To some extent this depends on what you intend to collect. In general there are some basic tools and supplies that you will need. To start out you'll probably need the following tools: a good set of tongs, perforation gauge, magnifying glass, and at least access to a catalog. For supplies: you might want to start out with a good bound stock book. This Web site will help you select these and other tools and supplies used by collectors of all types and levels.
In most cases, the value of a stamp is determined not only by how old, rare of in-demand it is, but also its condition and grade of a stamp.
There are several factors in condition and grade.
Condition refers to the general condition of the stamp.
These have to do with the centering of the design of the stamp with respect to the stamp edges or perforations and the how "clean" the stamp is..
Much more information is available in the "Identification and Grading" section of this web site.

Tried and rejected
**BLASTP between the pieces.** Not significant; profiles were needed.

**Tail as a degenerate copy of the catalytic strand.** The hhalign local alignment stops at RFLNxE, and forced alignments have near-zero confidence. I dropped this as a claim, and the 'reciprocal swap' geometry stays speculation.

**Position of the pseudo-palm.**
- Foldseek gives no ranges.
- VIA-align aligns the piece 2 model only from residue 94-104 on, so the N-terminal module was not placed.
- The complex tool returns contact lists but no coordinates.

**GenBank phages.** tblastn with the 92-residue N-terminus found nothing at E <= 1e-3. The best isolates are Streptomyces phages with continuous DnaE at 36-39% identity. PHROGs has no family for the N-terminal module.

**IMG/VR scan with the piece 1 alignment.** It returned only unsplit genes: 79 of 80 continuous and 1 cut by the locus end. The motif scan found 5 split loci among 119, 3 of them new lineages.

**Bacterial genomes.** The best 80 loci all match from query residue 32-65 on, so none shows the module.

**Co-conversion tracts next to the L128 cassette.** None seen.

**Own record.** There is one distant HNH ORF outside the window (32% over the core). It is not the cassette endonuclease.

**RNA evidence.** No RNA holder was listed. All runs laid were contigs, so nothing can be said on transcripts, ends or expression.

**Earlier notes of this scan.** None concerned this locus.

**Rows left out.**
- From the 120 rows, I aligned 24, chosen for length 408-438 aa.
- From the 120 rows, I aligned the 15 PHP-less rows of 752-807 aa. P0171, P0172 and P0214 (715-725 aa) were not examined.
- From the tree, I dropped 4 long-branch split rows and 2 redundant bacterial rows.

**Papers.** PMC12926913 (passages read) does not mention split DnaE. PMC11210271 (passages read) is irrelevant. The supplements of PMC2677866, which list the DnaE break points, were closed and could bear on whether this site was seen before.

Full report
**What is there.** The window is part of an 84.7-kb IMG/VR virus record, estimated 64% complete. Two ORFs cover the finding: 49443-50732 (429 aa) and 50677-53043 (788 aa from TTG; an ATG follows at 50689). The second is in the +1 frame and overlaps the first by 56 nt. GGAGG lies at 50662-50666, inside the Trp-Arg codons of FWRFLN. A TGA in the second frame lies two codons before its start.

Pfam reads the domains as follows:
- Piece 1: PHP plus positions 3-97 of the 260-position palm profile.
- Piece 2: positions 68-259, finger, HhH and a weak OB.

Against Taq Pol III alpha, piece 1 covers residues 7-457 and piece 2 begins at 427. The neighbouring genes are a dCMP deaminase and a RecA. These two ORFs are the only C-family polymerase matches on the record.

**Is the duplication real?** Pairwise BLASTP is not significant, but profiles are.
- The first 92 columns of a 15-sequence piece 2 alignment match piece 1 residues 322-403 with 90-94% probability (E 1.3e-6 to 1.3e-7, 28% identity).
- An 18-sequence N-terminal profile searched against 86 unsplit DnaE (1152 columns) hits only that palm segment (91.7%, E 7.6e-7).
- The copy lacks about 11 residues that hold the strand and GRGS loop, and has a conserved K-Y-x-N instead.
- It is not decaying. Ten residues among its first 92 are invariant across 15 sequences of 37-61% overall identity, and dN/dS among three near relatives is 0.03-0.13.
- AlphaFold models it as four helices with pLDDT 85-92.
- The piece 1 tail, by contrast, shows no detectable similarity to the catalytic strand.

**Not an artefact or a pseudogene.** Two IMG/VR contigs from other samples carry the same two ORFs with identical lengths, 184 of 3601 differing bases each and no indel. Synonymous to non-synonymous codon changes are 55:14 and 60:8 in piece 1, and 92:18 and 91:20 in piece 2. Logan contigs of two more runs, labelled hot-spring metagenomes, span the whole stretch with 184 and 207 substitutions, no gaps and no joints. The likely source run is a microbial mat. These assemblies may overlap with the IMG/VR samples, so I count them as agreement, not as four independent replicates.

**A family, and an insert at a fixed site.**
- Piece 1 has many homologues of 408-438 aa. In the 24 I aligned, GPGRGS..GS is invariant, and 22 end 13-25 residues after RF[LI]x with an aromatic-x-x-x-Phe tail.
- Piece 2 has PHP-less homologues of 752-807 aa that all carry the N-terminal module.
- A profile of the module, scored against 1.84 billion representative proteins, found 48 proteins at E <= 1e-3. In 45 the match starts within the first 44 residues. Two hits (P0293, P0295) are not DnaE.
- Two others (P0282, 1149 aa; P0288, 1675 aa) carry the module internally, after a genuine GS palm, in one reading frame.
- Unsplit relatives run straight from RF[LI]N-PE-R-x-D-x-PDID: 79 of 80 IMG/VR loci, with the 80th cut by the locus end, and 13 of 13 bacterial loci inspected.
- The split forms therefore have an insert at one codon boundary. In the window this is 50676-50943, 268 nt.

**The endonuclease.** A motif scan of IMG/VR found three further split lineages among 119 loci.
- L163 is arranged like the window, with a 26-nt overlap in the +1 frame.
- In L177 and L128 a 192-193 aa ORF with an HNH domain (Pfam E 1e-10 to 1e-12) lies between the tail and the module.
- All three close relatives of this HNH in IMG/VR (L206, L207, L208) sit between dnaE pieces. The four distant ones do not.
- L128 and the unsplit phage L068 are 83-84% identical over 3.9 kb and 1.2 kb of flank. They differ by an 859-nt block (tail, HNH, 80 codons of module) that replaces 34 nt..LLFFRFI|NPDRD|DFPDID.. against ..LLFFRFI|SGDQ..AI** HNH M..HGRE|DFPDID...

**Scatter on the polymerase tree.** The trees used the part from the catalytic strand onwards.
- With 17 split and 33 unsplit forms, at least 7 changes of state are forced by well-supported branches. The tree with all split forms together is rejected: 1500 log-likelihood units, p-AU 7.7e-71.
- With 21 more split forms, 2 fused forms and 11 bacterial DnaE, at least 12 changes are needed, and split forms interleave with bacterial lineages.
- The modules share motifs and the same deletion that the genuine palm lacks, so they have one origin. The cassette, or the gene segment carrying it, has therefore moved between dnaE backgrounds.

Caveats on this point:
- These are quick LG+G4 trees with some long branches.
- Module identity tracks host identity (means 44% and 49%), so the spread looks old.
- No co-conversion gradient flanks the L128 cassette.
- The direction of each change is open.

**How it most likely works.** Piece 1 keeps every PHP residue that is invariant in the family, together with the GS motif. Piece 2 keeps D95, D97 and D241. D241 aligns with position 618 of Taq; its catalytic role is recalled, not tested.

Each year, Scott Publishing Company produces updated catalogs of U.S. stamps and World wide. Scott Catalogs have been a de facto industry standard since John Walter Scott published the first catalog in 1868.
The Scott Catalog does not offer stamps for sale, but lists estimated values for each issue, and identifies each with a "Scott Number." As new stamps are issued by the U.S. Postal Service, Scott assigns catalog numbers to them. Because the Scott catalog is a highly respected authority, and because Scott Numbers were the first comprehensive identification system for stamps, nearly all stamp dealers, collectors, and even the U.S. Postal Service use Scott Numbers to identify U.S. stamps.
You'll notice that this web site has also obtained permission to use Scott's Stamp numbering throughout the site.
Scott's produces a variety of different catalogs which are available in print and CD editions:
Various countries around the world have their own catalogs. (different numbering systems)